Yes, believe it or not, we’ve seen clients who gouge their clients on the front end and hire us to try and salvage the relationship once they’ve trashed it.  It doesn’t work folks.  When you add water to dirt all you get is mud.  Personally, I’ve become more selective of who we’re targeting for clients over the years because these types of clients never stick with us.

If you don’t commit philosophically and stay the course.

Did you know that a 5% increase in client loyalty can double your bottom-line profitability?

But it doesn’t happen overnight.  If Top of Mind mails a birthday card to your client, are you willing to follow up with a phone call?  If we notify you that a past client has put their home for sale, how do you tackle the opportunity?  (There’s a bad way, a good way and an awesome way.)  By now, nobody is disputing the fact that database marketing is best practice.  Now we’re at a point in the game where that extra baby step makes all the difference in the world.

When your communications are about yourself and not the client.

This is one of the most common mistakes mortgage professionals make.  They leverage email marketing too frequently because it’s “cheap and easy”.  They don’t think through their message properly and fail to add value.  I’m going to cover these points in more detail some other time, but it all boils down to one tenet:  Everyone’s Favorite Subject In a Conversation is Themselves, Not You.

When you try cherry-picking in order to save a few bucks.

This is a classic situation.  A Top of Mind client closes 10 loans in the previous month.  They fell in love with six of the borrowers but weren’t too crazy about three of them.  And the other one was just a tiny loan where they didn’t make enough money to justify an investment into our mortgage follow-up program.  So our client enrolls six of the 10 loans they closed instead of all ten.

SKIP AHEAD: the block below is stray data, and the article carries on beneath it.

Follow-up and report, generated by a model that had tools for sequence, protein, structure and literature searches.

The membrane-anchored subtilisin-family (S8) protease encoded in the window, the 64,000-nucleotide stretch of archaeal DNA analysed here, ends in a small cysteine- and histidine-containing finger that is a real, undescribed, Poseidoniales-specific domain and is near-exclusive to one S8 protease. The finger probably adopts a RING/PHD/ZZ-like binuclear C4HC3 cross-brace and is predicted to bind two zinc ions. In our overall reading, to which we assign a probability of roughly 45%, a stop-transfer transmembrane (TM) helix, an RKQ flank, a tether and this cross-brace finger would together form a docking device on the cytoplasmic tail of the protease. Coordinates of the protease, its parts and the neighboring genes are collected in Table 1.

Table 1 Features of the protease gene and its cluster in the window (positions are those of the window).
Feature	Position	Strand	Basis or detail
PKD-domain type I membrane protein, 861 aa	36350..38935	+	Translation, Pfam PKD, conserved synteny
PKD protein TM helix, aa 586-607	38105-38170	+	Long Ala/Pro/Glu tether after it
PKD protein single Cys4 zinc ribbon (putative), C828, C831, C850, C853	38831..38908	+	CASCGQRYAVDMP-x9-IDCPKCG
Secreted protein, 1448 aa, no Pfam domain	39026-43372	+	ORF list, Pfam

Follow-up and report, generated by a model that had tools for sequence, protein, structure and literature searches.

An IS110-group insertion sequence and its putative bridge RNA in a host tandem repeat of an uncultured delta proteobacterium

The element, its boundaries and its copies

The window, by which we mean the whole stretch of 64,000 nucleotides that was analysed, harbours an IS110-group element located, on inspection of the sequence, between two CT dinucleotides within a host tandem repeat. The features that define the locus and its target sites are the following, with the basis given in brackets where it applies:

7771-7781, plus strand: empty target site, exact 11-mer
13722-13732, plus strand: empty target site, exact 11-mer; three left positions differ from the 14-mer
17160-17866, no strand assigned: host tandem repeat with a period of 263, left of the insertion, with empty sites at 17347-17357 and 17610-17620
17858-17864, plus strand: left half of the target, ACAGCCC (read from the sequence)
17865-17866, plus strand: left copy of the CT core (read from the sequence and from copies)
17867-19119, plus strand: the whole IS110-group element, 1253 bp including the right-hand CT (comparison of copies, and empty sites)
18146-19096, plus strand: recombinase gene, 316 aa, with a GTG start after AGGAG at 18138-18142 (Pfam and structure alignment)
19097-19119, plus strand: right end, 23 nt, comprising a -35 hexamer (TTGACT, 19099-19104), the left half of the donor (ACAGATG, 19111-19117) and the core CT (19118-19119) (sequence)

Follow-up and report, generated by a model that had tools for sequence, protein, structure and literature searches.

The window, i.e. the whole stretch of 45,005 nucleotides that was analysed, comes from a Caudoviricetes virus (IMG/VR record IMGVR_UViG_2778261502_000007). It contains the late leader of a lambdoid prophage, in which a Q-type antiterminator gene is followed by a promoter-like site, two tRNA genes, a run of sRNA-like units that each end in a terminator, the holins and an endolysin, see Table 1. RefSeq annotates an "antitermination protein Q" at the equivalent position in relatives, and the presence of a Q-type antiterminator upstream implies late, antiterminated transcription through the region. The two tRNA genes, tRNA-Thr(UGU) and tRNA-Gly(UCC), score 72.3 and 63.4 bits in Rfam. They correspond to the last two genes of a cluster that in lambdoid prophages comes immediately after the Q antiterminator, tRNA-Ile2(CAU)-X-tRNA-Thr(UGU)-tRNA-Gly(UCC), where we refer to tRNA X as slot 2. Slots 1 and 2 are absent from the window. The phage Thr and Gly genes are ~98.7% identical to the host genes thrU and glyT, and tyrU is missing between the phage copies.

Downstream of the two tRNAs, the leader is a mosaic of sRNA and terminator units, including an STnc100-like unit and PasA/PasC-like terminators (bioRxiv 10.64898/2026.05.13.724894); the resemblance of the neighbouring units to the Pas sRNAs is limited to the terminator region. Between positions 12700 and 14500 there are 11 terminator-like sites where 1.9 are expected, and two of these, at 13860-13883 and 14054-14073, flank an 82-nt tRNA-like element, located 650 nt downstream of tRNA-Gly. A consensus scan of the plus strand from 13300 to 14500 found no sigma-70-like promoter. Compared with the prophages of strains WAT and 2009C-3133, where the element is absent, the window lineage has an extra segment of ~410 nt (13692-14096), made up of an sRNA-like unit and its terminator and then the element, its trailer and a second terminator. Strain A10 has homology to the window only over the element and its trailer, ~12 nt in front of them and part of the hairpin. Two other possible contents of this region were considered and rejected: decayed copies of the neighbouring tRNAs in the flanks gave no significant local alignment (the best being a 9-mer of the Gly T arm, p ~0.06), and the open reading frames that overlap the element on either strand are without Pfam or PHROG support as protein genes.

Fact: some of the highest value clients we have at Top of Mind came to us via referral from some of the smallest.  All Top of Mind clients feel the love, without exception.  By the way, this can happen for you in the mortgage business too.  Every single client represents an extremely valuable asset.  Most every borrower will need another mortgage someday.  Most every borrower has the ability to refer and/or endorse you.  If you execute properly, your client base will become a passionate sales force.  You’ve just gotta trust me here – make the investment in every single client.

Conclusions:

CRM is just a fancy acronym for good old-fashioned customer service.  The concept itself is not rocket science.  But make no mistake – there is a right way and a wrong way to execute.

Interesting Marketing Survey Results from LOs

October 13, 2009 by · Leave a Comment 

Survey

Recently a client of mine conducted a survey with 32 Loan Officers regarding the effectiveness of various marketing efforts they had been engaged in over time. The survey revealed that the top four marketing activities (those that actually brought in business) were:

  1. Past Client Marketing-Phone Calls (helpful info, touching base, etc.)
  2. Past Client Marketing-Mail (newsletters, etc.)
  3. Past Client Marketing-Email Blasts
  4. Referral Partner-Educational Presentations

And the marketing efforts that gained the least returns were:

  1. Lead Generation-Apartment Complex Campaigns (FTHB)
  2. Lead Generation-Purchase Leads